MINSK, Belarus—Hundreds of women rallied across Belarus’s capital on Aug. 12 to protest a brutal police crackdown that has left hundreds injured and thousands detained while challenging election results extending the 26-year rule of the country’s authoritarian leader.
In several parts of Minsk, groups of women formed human chains, chanting “Shame!” and calling for an end to the crackdown in a bid to soften the ruthless official response to peaceful protests. Hesitant to use force against all-women rallies, police dispersed them without violence.
Protesters are contesting the official count showing President Alexander Lukashenko winning a sixth term with 80 percent of the Aug. 9 vote and the main opposition challenger with 10 percent. Crowds have taken to the streets every night since to demand a recount.
Authorities have responded with a crackdown that was unusually brutal even for Lukashenko’s authoritarian rule. Police have dispersed protesters with tear gas, stun grenades, water cannons, and rubber bullets and severely beat them with truncheons. Black-uniformed officers chased protesters into residential buildings and deliberately targeted journalists, beating many and breaking their cameras.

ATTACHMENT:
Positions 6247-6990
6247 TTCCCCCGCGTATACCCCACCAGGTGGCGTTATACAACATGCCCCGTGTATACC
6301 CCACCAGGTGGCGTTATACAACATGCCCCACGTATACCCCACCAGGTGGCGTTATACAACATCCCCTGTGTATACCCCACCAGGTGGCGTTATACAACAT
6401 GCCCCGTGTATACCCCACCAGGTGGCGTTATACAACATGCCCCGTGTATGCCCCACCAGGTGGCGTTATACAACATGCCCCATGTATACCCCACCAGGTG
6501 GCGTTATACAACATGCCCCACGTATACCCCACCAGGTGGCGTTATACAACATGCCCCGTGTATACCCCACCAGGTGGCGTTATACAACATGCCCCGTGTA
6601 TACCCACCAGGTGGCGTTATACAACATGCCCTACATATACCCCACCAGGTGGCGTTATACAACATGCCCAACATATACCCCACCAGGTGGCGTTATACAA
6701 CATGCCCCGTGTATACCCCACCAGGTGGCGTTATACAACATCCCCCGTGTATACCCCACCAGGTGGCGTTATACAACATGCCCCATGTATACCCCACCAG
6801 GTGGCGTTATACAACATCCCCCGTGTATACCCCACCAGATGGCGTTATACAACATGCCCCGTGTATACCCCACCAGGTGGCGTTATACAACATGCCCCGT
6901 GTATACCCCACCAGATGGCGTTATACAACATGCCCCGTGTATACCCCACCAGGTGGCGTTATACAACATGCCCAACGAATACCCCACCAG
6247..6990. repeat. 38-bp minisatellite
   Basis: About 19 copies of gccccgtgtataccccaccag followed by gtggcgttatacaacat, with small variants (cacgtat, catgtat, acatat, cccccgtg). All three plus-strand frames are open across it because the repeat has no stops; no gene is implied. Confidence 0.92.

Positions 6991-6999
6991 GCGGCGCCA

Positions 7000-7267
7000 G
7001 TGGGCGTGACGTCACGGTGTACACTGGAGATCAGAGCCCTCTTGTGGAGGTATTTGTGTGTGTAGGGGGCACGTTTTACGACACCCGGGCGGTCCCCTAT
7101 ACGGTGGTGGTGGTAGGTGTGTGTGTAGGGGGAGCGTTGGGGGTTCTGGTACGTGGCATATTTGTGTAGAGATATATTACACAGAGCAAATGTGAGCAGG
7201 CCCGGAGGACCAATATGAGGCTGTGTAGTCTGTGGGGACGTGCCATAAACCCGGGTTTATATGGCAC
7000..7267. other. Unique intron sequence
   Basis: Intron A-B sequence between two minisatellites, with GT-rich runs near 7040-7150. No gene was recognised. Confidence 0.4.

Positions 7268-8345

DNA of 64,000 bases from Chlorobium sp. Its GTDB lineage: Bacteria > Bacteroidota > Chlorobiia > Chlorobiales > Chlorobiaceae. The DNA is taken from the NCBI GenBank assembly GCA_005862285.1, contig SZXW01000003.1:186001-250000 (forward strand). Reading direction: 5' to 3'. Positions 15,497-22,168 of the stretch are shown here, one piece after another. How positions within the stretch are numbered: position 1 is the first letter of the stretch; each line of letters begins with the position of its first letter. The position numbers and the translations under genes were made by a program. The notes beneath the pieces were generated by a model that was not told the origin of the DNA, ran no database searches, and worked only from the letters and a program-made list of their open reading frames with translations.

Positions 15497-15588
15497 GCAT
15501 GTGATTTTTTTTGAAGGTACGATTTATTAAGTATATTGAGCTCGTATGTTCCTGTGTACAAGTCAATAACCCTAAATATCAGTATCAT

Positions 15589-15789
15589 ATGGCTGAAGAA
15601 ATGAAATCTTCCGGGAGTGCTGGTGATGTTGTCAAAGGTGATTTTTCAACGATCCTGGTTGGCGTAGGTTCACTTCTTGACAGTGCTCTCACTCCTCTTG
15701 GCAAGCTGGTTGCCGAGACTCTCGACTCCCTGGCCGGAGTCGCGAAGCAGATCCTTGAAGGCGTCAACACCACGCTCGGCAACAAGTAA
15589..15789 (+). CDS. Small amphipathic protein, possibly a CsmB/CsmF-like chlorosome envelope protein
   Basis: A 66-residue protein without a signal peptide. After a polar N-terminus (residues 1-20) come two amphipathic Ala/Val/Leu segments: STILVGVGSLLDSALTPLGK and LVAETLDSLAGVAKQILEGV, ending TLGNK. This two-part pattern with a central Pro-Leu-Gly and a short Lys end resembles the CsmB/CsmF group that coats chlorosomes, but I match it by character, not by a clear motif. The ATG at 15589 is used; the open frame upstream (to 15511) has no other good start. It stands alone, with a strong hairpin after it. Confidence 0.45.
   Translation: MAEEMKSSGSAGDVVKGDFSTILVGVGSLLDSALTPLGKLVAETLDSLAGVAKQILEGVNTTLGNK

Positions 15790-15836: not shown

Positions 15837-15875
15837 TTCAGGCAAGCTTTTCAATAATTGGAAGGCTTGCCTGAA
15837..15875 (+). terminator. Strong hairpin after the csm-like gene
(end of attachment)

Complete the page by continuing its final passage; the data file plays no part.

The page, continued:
“We stand for a peaceful protest,” said Ksenia Ilyashevich, a 23-year-old IT specialist who joined other women at a Minsk protest on Aug. 12. “We worked up the courage and came out to rally. We stand here for all.”
Another demonstrator, 29-year-old Lyudmila Arutyunova, said: “We need to support each other when the authorities beat us.”
In three nights of protests, at least 6,000 people have been detained and hundreds injured, according to the official count, but even that high toll appeared to downplay the crackdown’s scope. Anguished relatives were besieging prisons across Belarus trying to find their missing relatives.
“Even those who were loyal saw the real face of this government during the past three days,” said 63-year-old Galina Vitushko, who stood outside a jail in Minsk, trying to find her son, a 43-year old doctor. She said that she desperately needs to give him insulin since he has diabetes.
“It’s real harassment, how can you treat your own people like that?” she asked, breaking into tears. “The real winners don’t behave like that.”
The 65-year-old Lukashenko has led the former Soviet state of 9.5 million people with an iron fist since 1994, relentlessly stifling dissent and winning the nickname of “Europe’s last dictator” in the West.
This year, the economic damage caused by the coronavirus and the president’s swaggering response to the pandemic, which he airily dismissed as “psychosis,” has fueled broad anger, helping swell the opposition ranks — but that has only elicited a more forceful crackdown from the Belarusian leader.
Lukashenko has derided the political opposition as “sheep,” manipulated by foreign masters, and vowed to continue clamping down on demonstrations.
“The core of these so-called protesters are people with a criminal past and (those who are) currently unemployed,” Lukashenko said during an Aug. 12 meeting with security officials.